A Mental Sign Of Vitamin B12 Deficiency

Low levels of vitamin B12 can even contribute to brain shrinkage.

Low levels of vitamin B12 can even contribute to brain shrinkage.

Having trouble with basic thinking skills can be a sign of vitamin B12 deficiency, research finds.

Children with low levels of vitamin B12 had poorer cognitive abilities and difficulty interpreting the emotions of others.

They found it harder to:

  • sustain attention,
  • solve puzzles,
  • learn words and names,
  • and guess what others are thinking.

Low levels of vitamin B12 can even contribute to brain shrinkage, other studies have suggested.

The conclusions come from 500 children in Nepal who were followed from birth for 5 years.

The results showed that infants with poor vitamin B12 status had worse thinking skills at 5-years-old.

Low levels of vitamin B12 may impair brain development at an early age.

Ms Ingrid Kvestad, the study’s first author, said:

“Our results clearly demonstrate associations between early vitamin B12 status and various measures on development and cognitive functioning, as for example the ability to interpret complex geometrical figures, and the ability to recognize other children’s emotions.”

Good sources of vitamin B12 include fish, poultry, eggs and low-fat milk.

Fortified breakfast cereals also contain vitamin B12.

People who may have difficulty getting enough vitamin B12 include vegetarians, older people and those with some digestive disorders, such as Crohn’s disease.

Ms Kvestad said:

“Most of the Nepalese children participating in the study did not have severely low levels of vitamin B12, but their levels were suboptimal, below the recommendations for best possible growth and development.

It’s like a hidden deficiency of the vitamin in these children’s bodies, making their cells work rigorously to signalize imminent danger.

Our study is one contribution in the big puzzle to understand the implications low B12 levels might have on small children’s cognitive development.”

The study was published in The American Journal of Clinical Nutrition (Kvestad et al., 2017).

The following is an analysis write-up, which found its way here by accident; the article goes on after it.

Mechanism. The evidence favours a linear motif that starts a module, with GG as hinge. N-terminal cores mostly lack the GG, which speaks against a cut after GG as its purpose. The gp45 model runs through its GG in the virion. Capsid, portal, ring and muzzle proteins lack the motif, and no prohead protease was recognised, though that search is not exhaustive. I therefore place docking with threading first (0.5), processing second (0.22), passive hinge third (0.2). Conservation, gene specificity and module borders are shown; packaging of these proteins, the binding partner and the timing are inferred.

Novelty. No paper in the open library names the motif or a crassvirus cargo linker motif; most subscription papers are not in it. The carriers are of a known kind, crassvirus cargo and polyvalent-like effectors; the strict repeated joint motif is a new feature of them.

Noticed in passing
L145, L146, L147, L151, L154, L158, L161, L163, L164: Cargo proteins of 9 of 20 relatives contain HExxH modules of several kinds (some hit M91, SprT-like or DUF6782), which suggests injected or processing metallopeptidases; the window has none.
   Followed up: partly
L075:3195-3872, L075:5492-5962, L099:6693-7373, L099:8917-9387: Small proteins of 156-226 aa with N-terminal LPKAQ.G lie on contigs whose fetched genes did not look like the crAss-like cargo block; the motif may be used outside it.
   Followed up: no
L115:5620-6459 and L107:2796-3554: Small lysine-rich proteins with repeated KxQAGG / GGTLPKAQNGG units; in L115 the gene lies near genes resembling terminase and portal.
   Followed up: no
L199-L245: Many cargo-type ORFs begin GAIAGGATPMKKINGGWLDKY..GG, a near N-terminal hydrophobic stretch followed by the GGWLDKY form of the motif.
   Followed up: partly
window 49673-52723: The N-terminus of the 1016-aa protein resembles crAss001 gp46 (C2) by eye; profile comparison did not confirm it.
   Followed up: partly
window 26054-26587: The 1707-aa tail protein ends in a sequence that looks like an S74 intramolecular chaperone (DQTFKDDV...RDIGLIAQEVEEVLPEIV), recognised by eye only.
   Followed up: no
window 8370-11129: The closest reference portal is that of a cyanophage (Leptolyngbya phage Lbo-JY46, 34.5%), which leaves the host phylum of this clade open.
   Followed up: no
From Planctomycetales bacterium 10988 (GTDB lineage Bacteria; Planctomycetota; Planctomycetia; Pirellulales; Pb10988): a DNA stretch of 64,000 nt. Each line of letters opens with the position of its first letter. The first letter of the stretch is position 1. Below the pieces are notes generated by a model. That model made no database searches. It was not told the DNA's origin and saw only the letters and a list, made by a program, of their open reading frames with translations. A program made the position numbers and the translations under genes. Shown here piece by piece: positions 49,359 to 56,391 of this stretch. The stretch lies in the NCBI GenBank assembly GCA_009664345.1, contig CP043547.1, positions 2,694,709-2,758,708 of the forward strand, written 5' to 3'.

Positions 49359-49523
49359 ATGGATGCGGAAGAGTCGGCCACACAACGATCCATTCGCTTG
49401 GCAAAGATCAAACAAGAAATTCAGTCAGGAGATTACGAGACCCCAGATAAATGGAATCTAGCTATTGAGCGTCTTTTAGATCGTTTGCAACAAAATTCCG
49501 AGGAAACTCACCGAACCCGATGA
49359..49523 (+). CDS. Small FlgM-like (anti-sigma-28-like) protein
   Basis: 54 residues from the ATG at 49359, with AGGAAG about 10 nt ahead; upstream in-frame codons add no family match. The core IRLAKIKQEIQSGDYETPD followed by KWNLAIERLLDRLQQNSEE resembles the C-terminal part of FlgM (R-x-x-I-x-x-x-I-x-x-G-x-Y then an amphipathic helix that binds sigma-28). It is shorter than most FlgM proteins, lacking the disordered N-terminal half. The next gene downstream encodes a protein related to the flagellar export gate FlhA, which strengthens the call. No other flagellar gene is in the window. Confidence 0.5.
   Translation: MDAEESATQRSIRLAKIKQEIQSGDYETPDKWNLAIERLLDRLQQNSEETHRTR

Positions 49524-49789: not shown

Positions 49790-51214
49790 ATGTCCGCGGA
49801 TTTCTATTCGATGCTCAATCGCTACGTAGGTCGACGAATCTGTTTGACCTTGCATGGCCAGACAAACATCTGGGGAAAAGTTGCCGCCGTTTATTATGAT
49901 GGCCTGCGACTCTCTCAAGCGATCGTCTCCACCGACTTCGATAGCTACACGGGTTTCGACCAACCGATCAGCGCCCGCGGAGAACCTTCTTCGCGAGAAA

The Diet That Lowers IQ In 9 Days

The diet causes lower intelligence and 50% more laziness.

The diet causes lower intelligence and 50% more laziness.

High-fat foods can reduce intelligence in just 9 days, research finds.

Cognitive performance reduced by 20 percent in just over a week after eating a high-fat diet.

The study on rats fed them a diet equivalent to human junk food.

After nine days, not only was their cognitive performance affected, but their physical performance was reduced by 50 percent.

The short-term effects of a high-fat diet are startling, the researchers say.

A previous study has found a high-fat diet can reduce cognitive performance in humans as well.

Dr Andrew Murray, the study’s first author, said:

“We found that rats, when switched to a high-fat diet from their standard low-fat feed, showed a surprisingly quick reduction in their physical performance.

After just nine days, they were only able to run 50 per cent as far on a treadmill as those that remained on the low-fat feed.”

The conclusions come from a study of rats who were initially fed on a standard low-fat diet.

Half were then switched to a high-fat diet.

Dr Andrew Murray explained how these diets translate to what humans eat:

“With the standard feed, 7.5 per cent of the calories come from fat.

That’s a pretty low-fat diet, much like humans eating nothing but muesli.

The high-fat diet, in which 55 per cent of the calories came from fat, sounds high but it’s actually not extraordinarily high by human standards.

A junk food diet would come close to that.”

The results showed that after nine days the rats fed on a high-fat diet made 20 percent more errors when learning to navigate a maze.

They were also running 50 percent less far.

The researchers also found that the rats’ hearts were enlarged with the increased effort of pumping blood around their bodies.

Professor Kieran Clarke, study co-author, said:

“These are startling results.

It shows that high-fat feeding even over short periods of time can markedly affect gene expression, metabolism and physical performance.”

Professor Jeremy Pearson said:

“In little more than a week, a change in diet appears to have made the rats’ hearts much less efficient.

We look forward to the results of the equivalent studies in human volunteers, which should tell us more about the short-term effects of high-fat foods on our hearts.

We already know that to protect our heart health in the long-term, we should cut down on foods high in saturated fat.”

The study was published in The FASEB Journal (Murray et al., 2009).

The Healthiest Type Of Fibre To Add To Your Diet

What type of dietary fibre works best and what fibre supplements would be best for you to choose?

What type of dietary fibre works best and what fibre supplements would be best for you to choose?

Fermentable fibre, also known as prebiotics, are an important part of a healthy diet and essential for beneficial bacteria in the gut.